Pagans and gays are monsters who rebel against God's law, however they may not be fully culpable for their actions when they do them in invincible ignorance. It seems very ironic that people point out traditional Catholics as "monsters" for believing that pagans/gays have monsterous sinful "lifestyle choices", which confirms that since pagans think exclusive Catholicism is "unacceptable" or "heretical", the reverse is certainly true that paganism is truly unacceptable and heretical to Catholics.

One learns about pre-Vatican 2 norms by studying the history of the Church and comparing and contrasting writing before Vatican 2 with after Vatican 2 and seeing substantial unacceptable change. There is a true latin mass available at St. Ann's 9:30AM for compare and contrast to the "New Mass" which is at most "Catholic churches", though I would not recommend it.

The other statistics cane from Michael Voris video, the Coming Cliff:


Don't shoot the messenger.

captcha: r e a p w h a t y o u s o w
furbutt

Erie, PA

#17 Mar 11, 2014
Reality Check wrote:
<quoted text>
Apparently only a few get to see "the numbers" when it comes to the Catholic Church.
While a good argument can be made that any Church member should be privy to this information I believe there is a distinct difference between why this is so in the public sector and not so in the world of the Catholic Church.
The funding for a parish and diocese comes strictly from donations that are entirely the choice of church members. No one forces catholics to fund the church. There may be pleas for giving from the pulpit, mailings, and other communications but it's not a law that one must fill the coffers. Therefore people have little to none of the leverage they seem to expect.
Public money is an entirely different situation. Public funding results from levied taxes that citizens have no way of avoiding entirely. When money is taken rather than willfully donated the right to access of information comes into play.
The leaders of Catholic churches often do communicate finances to their members but they also hide information too. They aren't breaking any laws but certainly open themselves to criticism a lot of the time.
Thank you. I did just want a simple answer. But since you brought it up I'll say this. My father was Catholic and after he died we didn't go to St. Stephen's Church anymore. We were told that unless we tithed, even though we didn't attend, we'd be kicked out and we were. So there's that.

You say "nobody forces Catholics to fund the Church". But on a different note isn't that saying nobody expects Catholics to fund the members? That would make no sense. But what I'm pointing out is that many like to say "the Church is the people and the building is owned by the members"...or something like that.

Understand, I'm not criticizing anything just pointing out an oddity with "church" people and perhaps why others think they're full of baloney at times. Many often fit things, especially rationalizations, to the situation they need them to fit to so as to appear united or as if they know what they're talking about when perhaps they don't.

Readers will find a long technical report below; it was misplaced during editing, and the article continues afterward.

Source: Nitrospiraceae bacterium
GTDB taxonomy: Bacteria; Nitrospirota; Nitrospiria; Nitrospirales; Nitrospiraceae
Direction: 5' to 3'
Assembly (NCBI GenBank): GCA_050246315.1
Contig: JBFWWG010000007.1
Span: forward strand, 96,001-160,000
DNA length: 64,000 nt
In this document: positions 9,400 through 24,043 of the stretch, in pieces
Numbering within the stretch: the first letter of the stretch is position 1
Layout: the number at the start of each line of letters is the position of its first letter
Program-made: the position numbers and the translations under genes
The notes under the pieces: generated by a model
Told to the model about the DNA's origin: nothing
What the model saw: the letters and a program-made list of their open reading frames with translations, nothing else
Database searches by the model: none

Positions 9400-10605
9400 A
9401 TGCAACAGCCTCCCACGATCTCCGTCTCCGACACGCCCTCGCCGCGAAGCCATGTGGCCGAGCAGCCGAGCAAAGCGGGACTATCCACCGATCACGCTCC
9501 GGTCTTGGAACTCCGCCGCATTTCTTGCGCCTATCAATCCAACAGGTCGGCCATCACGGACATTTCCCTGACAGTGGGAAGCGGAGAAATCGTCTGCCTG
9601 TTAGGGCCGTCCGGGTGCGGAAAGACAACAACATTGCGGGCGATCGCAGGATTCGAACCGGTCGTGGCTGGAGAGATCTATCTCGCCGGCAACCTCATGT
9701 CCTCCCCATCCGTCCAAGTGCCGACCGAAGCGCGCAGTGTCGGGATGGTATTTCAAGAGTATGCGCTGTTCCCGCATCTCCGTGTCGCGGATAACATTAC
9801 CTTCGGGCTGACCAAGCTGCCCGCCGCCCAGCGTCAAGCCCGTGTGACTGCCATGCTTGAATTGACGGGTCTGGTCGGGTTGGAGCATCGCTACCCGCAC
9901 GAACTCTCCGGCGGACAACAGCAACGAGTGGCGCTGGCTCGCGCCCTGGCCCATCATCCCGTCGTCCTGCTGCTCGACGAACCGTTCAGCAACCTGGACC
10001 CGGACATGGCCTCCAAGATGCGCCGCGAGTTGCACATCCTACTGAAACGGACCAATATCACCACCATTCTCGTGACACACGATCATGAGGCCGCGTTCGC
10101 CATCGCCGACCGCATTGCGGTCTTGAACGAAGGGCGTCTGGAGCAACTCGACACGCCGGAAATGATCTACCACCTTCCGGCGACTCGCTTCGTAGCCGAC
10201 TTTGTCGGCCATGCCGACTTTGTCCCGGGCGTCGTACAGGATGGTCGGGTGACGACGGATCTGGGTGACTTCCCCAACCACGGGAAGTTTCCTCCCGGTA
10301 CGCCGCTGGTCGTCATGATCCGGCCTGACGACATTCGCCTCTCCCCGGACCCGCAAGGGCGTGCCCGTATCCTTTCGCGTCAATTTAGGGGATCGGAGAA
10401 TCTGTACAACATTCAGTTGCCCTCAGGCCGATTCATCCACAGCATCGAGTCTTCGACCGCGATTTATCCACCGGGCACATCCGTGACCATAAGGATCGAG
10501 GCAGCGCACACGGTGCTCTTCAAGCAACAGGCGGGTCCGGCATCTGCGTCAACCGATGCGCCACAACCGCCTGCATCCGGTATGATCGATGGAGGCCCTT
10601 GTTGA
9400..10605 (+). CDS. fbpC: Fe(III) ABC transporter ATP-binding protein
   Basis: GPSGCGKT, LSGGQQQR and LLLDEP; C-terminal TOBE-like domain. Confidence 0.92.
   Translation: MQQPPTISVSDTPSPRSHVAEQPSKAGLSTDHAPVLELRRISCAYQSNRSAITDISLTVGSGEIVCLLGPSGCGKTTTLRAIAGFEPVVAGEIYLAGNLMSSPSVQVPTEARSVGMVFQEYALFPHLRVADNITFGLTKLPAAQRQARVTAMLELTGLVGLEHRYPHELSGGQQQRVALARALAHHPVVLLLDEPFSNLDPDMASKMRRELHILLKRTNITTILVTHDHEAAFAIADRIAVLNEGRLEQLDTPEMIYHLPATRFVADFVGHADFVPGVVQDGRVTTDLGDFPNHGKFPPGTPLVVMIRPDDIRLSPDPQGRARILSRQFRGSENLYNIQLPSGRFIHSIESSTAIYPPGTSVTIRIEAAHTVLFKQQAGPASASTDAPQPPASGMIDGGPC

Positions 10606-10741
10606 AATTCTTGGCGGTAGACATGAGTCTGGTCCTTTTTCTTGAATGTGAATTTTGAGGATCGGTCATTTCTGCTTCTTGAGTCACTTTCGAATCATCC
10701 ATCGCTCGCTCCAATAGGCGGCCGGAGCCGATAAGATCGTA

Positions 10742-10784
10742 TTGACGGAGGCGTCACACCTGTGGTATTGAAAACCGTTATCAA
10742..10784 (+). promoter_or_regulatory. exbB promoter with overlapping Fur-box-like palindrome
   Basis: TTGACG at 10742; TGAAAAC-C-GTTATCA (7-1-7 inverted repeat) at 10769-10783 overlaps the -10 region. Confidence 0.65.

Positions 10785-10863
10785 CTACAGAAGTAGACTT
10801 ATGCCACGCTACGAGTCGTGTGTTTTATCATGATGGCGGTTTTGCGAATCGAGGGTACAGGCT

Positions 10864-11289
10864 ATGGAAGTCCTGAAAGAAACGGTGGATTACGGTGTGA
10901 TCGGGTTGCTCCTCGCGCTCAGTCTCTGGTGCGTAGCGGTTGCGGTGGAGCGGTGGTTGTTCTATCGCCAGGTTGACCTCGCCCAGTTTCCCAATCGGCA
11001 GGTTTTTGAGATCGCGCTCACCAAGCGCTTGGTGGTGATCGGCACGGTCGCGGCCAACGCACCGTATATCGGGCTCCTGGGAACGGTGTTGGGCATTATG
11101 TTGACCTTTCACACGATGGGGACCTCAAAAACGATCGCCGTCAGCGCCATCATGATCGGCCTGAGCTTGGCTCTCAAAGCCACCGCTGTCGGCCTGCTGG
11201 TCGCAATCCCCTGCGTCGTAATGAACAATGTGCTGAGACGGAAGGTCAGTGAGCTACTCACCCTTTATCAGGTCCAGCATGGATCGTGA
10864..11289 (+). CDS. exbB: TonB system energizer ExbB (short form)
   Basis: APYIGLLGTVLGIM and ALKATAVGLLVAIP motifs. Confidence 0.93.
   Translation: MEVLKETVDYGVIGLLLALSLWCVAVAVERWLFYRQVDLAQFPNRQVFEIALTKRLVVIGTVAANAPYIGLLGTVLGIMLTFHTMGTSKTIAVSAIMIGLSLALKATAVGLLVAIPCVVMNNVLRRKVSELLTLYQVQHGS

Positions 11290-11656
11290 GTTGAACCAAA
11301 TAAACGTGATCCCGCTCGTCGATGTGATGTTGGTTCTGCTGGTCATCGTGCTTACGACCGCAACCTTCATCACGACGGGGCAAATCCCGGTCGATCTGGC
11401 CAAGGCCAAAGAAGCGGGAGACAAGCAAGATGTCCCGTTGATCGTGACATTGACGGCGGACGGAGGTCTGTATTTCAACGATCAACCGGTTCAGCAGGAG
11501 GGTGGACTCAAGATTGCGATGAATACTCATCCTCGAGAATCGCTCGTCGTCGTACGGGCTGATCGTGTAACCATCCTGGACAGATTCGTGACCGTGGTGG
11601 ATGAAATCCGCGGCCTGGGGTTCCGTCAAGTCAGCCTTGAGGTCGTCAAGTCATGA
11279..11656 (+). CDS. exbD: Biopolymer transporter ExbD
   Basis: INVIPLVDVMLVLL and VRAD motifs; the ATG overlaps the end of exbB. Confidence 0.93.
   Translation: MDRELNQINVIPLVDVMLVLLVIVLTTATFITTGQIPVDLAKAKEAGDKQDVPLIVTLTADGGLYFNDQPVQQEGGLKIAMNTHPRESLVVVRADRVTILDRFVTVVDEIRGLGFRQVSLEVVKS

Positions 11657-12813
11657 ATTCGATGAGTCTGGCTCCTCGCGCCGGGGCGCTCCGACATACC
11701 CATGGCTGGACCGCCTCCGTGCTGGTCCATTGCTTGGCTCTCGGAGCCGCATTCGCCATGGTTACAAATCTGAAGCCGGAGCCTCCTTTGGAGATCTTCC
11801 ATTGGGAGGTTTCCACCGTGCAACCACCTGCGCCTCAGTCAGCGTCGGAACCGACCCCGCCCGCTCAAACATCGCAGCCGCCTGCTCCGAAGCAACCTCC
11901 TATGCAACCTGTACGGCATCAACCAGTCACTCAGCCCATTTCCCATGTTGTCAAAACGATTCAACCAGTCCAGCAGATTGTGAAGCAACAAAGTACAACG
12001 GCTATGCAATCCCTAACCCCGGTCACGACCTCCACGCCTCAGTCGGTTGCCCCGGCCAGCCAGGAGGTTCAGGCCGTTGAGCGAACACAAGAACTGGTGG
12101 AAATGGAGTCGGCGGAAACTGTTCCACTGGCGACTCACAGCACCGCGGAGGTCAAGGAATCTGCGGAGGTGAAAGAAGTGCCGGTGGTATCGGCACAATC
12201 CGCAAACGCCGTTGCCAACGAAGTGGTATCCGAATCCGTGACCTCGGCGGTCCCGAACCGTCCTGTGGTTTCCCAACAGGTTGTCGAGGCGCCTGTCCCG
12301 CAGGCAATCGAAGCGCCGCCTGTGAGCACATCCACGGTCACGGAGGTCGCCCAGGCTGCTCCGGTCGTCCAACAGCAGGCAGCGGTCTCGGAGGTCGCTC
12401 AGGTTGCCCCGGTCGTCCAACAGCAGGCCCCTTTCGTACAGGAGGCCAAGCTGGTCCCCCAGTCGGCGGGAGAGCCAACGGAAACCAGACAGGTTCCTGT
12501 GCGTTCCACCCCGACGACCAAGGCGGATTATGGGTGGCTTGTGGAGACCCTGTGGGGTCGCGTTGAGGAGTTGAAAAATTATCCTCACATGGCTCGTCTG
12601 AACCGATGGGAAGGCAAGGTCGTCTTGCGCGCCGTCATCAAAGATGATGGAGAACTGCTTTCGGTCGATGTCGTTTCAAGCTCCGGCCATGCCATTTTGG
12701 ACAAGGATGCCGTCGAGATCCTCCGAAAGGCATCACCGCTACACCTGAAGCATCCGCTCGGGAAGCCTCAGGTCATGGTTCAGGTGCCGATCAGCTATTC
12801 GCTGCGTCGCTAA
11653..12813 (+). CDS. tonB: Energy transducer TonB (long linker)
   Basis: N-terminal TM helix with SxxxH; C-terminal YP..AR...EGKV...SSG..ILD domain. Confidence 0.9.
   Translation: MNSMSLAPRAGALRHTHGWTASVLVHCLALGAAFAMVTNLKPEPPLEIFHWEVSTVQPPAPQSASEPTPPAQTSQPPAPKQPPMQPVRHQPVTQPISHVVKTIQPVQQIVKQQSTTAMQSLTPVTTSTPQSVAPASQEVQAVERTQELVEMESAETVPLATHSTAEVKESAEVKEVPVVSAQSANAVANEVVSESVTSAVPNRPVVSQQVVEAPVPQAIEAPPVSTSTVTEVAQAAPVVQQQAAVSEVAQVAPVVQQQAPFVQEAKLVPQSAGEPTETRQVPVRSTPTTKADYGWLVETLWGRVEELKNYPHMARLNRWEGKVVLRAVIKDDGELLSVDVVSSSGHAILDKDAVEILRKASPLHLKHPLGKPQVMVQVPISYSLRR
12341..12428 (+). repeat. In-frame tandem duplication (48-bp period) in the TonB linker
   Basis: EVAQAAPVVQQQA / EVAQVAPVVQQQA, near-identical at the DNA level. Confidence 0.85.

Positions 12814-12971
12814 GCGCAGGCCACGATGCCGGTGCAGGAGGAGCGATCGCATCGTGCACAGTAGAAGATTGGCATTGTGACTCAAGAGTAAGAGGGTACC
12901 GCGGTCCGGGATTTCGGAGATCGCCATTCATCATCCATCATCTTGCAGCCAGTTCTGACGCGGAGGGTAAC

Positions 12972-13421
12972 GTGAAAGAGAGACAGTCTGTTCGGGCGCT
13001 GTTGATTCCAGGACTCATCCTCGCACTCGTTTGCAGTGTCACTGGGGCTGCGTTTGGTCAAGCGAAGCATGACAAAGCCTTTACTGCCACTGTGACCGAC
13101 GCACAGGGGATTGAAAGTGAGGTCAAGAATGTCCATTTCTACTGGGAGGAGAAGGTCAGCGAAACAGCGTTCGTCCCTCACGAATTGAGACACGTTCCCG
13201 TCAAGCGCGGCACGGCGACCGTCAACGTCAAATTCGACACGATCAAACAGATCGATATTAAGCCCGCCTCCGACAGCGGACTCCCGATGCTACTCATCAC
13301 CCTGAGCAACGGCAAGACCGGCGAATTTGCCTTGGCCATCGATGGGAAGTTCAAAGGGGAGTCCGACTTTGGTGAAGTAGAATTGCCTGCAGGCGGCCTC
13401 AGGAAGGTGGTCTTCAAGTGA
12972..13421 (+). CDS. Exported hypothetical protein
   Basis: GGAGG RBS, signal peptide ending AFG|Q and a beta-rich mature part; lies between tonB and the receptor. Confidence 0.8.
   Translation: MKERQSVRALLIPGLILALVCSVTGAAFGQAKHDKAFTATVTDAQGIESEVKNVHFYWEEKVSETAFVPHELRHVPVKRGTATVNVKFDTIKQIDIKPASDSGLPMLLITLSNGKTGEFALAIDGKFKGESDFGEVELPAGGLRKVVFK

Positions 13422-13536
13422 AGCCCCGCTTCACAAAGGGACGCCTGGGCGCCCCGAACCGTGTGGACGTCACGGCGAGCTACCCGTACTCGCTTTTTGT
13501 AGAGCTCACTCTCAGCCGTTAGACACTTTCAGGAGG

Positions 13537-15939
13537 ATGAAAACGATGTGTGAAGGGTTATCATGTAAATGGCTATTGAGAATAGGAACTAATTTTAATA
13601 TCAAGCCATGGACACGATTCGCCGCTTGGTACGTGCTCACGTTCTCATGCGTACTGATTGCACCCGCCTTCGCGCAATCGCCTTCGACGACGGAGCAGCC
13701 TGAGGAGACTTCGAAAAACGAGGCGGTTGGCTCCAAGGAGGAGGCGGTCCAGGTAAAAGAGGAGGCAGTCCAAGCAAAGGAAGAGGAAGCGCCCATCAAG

Again, not a criticism. Just and observation that I thought I'd point out to you.
furbutt

Erie, PA

#18 Mar 11, 2014
morality wrote:
Pagans and gays are monsters who rebel against God's law, however they may not be fully culpable for their actions when they do them in invincible ignorance. It seems very ironic that people point out traditional Catholics as "monsters" for believing that pagans/gays have monsterous sinful "lifestyle choices", which confirms that since pagans think exclusive Catholicism is "unacceptable" or "heretical", the reverse is certainly true that paganism is truly unacceptable and heretical to Catholics.
Googling "Pagan" lead to a confusing definition so let's use the words atheists and gays. Atheist's simply don't affirm a god and gays by my definition is to cover men and women.
Relating to atheists this is where many believers including the pope don't have a clue.
Such believers promote atheism as a revolt against God when in fact, it's not that they don't believe God, they don't believe YOU. Isn't the story that we will all stand before God in Judgement? If that were true how many people can you imagine not believing in the God they're standing before? None.
And that's why the pope talking about atheists going to heaven is flat out stupid. No one going to heaven with God would not believe in such a God. Meaning there can be no atheists in heaven, can there?
But toward atheists like gays believers need the narrative to be that both reject God. Gays may leave the Catholic Church but that is not the same as leaving God. They are leaving people they no longer believe no what they're talking about. Again, not believing against God, believing agains YOU.
From what I've read it seems a pretty simple decision for some gays. Since they are attracted to the same sex they simply cannot believe at the same time that a God would be so cruel as to put instinctual attractions within them then condemn them for acting as they were programmed. Some come to see that would be a creul God, not a loving fatherly one. So they conclude YOU are the bearer of lies, not God but those who speak on his behalf. At least that's my understanding.